Sarah Mandell and her husband, Bob Chew, wanted to cut their expenses and lead a "simpler life," so in 2004 they sold their house in Los Angeles and set out for the mountains of Colorado.
To secure their future, they took the money from the house and invested it with Stanley Chais of Beverly Hills. It seemed like a safe bet: Chais was a wealthy investment advisor and trusted family friend who had produced strong returns for Mandell's relatives for two decades.
"You would think in 20 years, if there was something wrong with this, it would have been uncovered," said Mandell, a personal chef.
Eventually it was, but too late for Mandell, 45, and Chew, 55, a marketing consultant. The couple learned days ago that their $1.2-million investment account had been obliterated in an alleged $50-billion fraud run by New York financier Bernard L. Madoff with the help -- knowingly or not -- of Chais and others who funneled investors' money to him.
The fallout has been enormous, hitting hardest in Jewish communities here and abroad, racking charities and families that had invested directly with Bernard L. Madoff Investment Securities or through "feeder funds" like Chais'. Many who lost money were in the entertainment industry, Hollywood heavyweights and nonmarquee names alike.
Madoff, 70, a former chairman of the Nasdaq Stock Market, has been charged with securities fraud and is said to have confessed to running a Ponzi scheme, in which newer investors' money was paid out to earlier ones. His company's assets have been frozen and a receiver has been appointed to manage what's left.
Chais, 82, did not respond to interview requests. Last week, he told the Jewish Journal that he and his family also were swindled and had lost "a huge amount of money." The Chais Family Foundation, which in 2007 reported assets of $178 million and charitable contributions of nearly $8.2 million, also was wiped out and has shut down.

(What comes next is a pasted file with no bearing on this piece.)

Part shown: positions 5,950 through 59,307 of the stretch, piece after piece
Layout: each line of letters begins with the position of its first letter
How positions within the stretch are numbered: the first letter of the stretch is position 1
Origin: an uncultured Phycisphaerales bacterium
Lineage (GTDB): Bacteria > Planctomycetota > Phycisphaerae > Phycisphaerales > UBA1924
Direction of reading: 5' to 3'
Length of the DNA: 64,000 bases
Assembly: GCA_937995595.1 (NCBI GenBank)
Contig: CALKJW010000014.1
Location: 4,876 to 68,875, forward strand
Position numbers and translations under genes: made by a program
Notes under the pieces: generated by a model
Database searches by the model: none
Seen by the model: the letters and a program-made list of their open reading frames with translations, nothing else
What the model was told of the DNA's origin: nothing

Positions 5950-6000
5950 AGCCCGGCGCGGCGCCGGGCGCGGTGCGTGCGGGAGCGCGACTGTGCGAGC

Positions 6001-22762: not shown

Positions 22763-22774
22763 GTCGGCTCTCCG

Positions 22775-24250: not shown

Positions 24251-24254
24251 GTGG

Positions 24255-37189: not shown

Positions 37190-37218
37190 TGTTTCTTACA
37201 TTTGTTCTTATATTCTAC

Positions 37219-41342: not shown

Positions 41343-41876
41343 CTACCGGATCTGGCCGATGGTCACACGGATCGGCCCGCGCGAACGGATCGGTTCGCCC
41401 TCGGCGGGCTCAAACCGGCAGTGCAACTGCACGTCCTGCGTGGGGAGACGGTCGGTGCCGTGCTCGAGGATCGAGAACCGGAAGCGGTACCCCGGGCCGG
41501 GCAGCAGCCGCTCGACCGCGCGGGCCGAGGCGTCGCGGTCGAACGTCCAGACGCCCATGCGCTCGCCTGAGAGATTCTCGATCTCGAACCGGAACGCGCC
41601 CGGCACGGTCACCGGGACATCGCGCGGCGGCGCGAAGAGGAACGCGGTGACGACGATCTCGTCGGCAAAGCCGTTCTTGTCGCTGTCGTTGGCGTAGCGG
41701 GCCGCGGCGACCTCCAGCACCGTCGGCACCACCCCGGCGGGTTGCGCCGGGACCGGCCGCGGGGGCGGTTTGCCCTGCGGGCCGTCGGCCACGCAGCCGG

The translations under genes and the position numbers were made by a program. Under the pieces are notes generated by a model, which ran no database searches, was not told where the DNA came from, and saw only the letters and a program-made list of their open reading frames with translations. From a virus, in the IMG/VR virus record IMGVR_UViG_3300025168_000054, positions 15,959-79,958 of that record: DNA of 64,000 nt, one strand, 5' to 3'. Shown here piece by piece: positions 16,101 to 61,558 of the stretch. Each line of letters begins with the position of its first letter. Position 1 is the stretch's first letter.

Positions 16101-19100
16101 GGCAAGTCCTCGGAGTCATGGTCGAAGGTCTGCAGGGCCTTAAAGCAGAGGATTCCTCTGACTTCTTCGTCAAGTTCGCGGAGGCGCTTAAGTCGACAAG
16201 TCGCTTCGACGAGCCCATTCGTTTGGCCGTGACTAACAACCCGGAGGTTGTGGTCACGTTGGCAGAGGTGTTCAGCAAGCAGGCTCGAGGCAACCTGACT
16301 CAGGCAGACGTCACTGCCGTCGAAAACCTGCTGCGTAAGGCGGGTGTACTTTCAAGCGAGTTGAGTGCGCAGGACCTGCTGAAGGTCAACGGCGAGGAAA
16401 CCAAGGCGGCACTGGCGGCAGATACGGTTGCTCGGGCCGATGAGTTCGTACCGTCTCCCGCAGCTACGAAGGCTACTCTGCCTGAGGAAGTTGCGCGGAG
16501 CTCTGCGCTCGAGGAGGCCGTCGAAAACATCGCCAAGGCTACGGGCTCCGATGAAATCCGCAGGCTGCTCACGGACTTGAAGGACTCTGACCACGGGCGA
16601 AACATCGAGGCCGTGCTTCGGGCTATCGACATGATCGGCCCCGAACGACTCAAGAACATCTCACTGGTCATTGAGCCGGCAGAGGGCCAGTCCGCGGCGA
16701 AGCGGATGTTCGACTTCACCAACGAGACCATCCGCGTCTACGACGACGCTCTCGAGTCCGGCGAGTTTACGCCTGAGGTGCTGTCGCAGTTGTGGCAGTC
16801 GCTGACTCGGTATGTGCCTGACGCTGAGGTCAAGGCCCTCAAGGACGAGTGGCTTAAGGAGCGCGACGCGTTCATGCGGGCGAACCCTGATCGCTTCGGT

Whether Chais was merely a victim is the $250-million question in a federal lawsuit filed last week in Los Angeles, alleging that is the sum scores of investors gave to him and his Brighton Co., a limited partnership formed to manage their money.
The complaint charges that Chais and his firm were involved in "false, misleading, unlawful, unfair and fraudulent acts and practices," but it offers no hard evidence that he knew the money was being pumped into a Ponzi scheme.
The full scope of the alleged fraud and Chais' possible role in it have yet to be spelled out. What's not in doubt is that he was a major philanthropist, who lived modestly despite his wealth, while steering millions to Jewish charities.
He had an unpretentious home in Beverly Hills, a small apartment in New York and "he drove around in old Toyota Celica or something" akin to it, Chew said.
"Stanley's a charming guy," he said. "Anyone would want to be around him. He's very gracious. . . . Life was always good."
Chais and his wife, Pamela, a playwright and screenwriter, were mainstays of Jewish philanthropy for three decades. Their family foundation supported scores of charities, most of them related to improving education in Israel.
Stanley Chais holds honorary doctorates from or has served on the boards of a raft of Israeli schools and universities, including the Weizmann Institute of Science, the Hebrew University of Jerusalem and the Technion-Israel Institute of Technology, often likened to MIT.
He also has poured money into at least 50 Israeli businesses, according to online biographies posted by Jewish groups with which he has been affiliated.
"Stanley Chais supports Israel not only in higher education, but also helps to establish Israeli start-up companies which include new immigrant scientists," reads one. "The emphasis is on developing human capital in Israel towards joining the international, technology front of progress."
Those who have known Chais through his philanthropy say they do not believe he would knowingly engage in a Ponzi scheme.
"Stanley is the kind of man who has great credibility in the community and would never do anything to jeopardize that. Surely he was duped as well," said Geoffrey Gee, a former development director for American Society for Technion, its U.S. fundraiser.
"If you put 100 people in a room, he'd be the one you'd never expect to have this kind of problem with," Gee said.
According to its tax filings, the Chais Family Foundation gave $300,000 to Technion's U.S. fundraising organization in 2006. The university will lose not only the foundation's support, but also $29 million it had placed directly with Madoff and $40 million more in paper profits.
Matthew Ross directs Hebrew University's fundraising arm in Los Angeles, which received $275,000 from the Chais foundation in 2006. He has known Chais for four years.
"In my association with him, he's been a generous person, a very nice person and it's a tragedy -- for him personally and for the institutions that he's been so supportive of for many years," Ross said.